In the results presented below, couples in which only the wife has pension coverage are somewhat distinct. Again, the average earnings of wives in these couples are relatively high, and the average earnings of husbands are relatively low. 6 These couples also tend to retire later than others, and the earnings replacement rates they achieve post-retirement are more akin to those achieved by no-pension couples than to those achieved by husband-only pension couples and by dual-pension couples. So while the outcomes of wife-only pension couples are documented below, the primary comparison we draw is between no-pension couples, on the one hand, and husband-only pension couples and dual-pension couples, on the other.
4 Retirement transitions
Labour force participation is an important consideration in replacement rate calculations. Including earnings in the numerator would increase post-retirement income and yield higher replacement rates than would result otherwise. For this reason, we begin by identifying retired couples, defined as those whose earnings in a given year are less than 10% of their average annual earnings in 1989-1991. 7 This definition allows for the possibility that retired couples may maintain some limited involvement in the paid workforce.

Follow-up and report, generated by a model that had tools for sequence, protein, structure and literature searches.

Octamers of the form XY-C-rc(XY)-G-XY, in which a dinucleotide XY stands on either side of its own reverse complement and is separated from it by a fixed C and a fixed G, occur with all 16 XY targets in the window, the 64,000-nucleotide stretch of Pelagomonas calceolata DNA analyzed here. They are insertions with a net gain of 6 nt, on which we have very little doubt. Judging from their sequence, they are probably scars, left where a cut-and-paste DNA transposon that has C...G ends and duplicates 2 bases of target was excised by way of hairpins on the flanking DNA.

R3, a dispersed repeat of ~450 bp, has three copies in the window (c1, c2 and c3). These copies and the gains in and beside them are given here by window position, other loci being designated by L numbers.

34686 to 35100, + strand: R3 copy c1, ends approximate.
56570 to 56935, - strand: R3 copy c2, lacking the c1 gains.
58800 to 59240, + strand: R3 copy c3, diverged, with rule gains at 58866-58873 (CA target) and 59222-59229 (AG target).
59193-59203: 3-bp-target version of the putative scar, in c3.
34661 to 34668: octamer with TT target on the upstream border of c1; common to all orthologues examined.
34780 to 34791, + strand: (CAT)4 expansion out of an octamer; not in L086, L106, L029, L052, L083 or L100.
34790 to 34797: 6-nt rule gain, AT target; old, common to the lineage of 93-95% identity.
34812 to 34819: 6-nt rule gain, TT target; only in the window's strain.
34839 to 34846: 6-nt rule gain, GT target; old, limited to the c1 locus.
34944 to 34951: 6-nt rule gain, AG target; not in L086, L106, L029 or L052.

There is considerable diversity in the retirement transitions of couples-even among those in which one spouse or both spouses have a pension. As shown in Chart 1, about 90% of husband-only pension couples were retired in 2006. Wives in these couples had fairly modest earnings in 1989-1991; consequently, the couple's earnings likely fell below the 10% threshold once the husband left the workforce. In this respect, the labour force exit of these wives likely played a smaller role in the couple's retirement transition (at least in terms of earnings thresholds) than did the labour force exit of wives with higher earnings.
In contrast, couples in which only the wife has a pension are considerably less likely to be retired, with this the case for about 80% of such couples in 2006. In a study of retirement transitions among dual-earner couples, Schellenberg and Ostrovsky (2008) show that the likelihood of a wife continuing to work after her husband's retirement is positively correlated with the share of the couple's income contributed by the wife, with the wife having pension coverage or not, and with the age difference between spouses. 8 Wives in wife-only pension couples have relatively high earnings, have pension coverage, and tend to be younger than wives without pensions. 9 Given these characteristics, they have a higher likelihood of remaining in the workforce following their husband's retirement than other wives. This would maintain the couple's earnings above the 10% threshold and account for the pattern of later retirement observed.